According to NASA, the largest ‘potentially dangerous asteroid’ of 2021 will safely drive closest to the Earth, tonight at 9:30 pm IST (4:00 pm GMT), at a speed of 124,000 kmph.
As per NASA’s reports, this would be a significant opportunity for astronomers to get a close look of a planetoid (or asteroid) that was discovered in March 2001 by the LINEAR (Lincoln Near-Earth Asteroid Research) program in Socorro, New Mexico. It was named as ‘2001 FO32’ and was created at the “dawn of our solar system”, said NASA.
It will make a closest approach to Earth from a distance of 0.0135 AU (2.02 million km or 1.25 million miles) tonight at 9:30 pm IST. This distance is five times of the distance between the Earth and the Moon.
Director of the Center for Near-Earth Object Studies (CNEOS), Paul Chodas stated, “We know the orbital path of 2001 FO32 around the Sun very accurately, since it was discovered 20 years ago and has been tracked ever since.” The CNEOS comes under NASA’s Jet Propulsion Laboratory in southern California.
An asteroid expert at the European Space Agency, Detlef Koschny said, “It’s stable, it’s not on a risky course”. He added, “We don’t know much about it”, however, it will be viewed by amateur astronomers (who are working on planetoid-deflecting projects) using suitable devices.
‘2001 FO32’ is a near-Earth asteroid which takes 810 days to complete one revolution around the sun. It is a potentially hazardous asteroid of Apollo group and its diameter ranges between 440-680 m (or 1400-2200 ft).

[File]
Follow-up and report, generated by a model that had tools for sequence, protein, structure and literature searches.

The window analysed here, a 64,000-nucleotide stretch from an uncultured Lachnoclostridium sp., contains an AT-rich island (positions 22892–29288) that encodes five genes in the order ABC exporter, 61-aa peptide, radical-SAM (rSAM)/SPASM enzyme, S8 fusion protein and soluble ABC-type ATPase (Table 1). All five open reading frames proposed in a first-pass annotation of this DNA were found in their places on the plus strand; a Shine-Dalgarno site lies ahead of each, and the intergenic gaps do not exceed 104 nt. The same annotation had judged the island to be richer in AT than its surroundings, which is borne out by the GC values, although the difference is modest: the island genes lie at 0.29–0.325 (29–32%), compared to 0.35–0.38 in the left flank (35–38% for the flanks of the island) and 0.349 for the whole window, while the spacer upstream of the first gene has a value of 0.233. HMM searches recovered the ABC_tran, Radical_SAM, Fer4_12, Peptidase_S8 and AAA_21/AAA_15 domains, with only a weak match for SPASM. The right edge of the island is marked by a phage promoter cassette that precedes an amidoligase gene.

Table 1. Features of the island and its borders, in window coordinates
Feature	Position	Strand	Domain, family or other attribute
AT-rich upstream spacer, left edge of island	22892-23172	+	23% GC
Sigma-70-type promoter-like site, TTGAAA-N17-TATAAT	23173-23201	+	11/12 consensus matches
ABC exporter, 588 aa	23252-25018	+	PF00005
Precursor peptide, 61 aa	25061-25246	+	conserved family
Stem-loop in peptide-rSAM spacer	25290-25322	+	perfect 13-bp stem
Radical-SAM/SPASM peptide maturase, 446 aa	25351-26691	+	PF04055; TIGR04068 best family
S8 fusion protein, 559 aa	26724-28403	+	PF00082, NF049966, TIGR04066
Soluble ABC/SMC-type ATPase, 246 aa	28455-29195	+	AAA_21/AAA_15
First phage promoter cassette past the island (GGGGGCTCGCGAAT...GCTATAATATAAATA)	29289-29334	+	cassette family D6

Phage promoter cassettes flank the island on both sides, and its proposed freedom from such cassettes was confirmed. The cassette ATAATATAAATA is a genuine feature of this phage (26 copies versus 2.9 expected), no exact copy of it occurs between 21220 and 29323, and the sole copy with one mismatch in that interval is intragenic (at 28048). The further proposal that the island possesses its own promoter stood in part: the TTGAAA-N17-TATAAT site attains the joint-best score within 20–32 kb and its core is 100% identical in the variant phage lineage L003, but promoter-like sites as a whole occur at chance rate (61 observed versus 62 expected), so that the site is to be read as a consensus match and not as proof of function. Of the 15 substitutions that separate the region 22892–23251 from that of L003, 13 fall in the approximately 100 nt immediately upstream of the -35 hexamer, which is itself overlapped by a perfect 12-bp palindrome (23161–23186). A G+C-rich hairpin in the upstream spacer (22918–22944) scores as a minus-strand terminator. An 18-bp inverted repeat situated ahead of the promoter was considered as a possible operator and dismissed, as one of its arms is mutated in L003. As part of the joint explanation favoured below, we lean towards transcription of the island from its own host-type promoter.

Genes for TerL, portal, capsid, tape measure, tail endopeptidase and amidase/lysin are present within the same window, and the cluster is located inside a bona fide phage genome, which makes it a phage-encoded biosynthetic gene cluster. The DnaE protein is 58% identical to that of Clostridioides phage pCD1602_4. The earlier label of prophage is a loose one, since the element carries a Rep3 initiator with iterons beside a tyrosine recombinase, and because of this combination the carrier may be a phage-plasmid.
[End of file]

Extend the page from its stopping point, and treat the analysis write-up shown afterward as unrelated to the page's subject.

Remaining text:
Specific information about the asteroid:
- The asteroid will make its closest approach at a speed of 124,000 kmph; this is faster than the speed of other planetoids that visit the Earth.
- This planetoid is extremely inclined and its orbit is elongated; both of these factors contribute to its speedy close approach to Earth.
- As per the reports by the Paris Observatory, the planetoid will be at its closest to Earth at around 4.00pm GMT (9.30pm IST) on March 21, 2021.
- When nearby the Southern skies, the planetoid will appear the brightest, said Chodas, further adding, “Amateur astronomers in the southern hemisphere and at low northern latitudes should be able to see this asteroid using moderate size telescopes with apertures of at least 8 inches in the nights leading up to closest approach, but they will probably need star charts to find it.”
- Last year on 29th April, the 1998 OR2 asteroid passed by Earth; the approach made by 2001 FO32 will be three times closer than the previous notable approach of 1998 OR2.
- This planetoid’s approach poses no threat to the Earth, said NASA. It further stated, that the next time it will pass by Earth in 2052.
- The scientists are deciding to utilise a flyby for closely studying this planetoid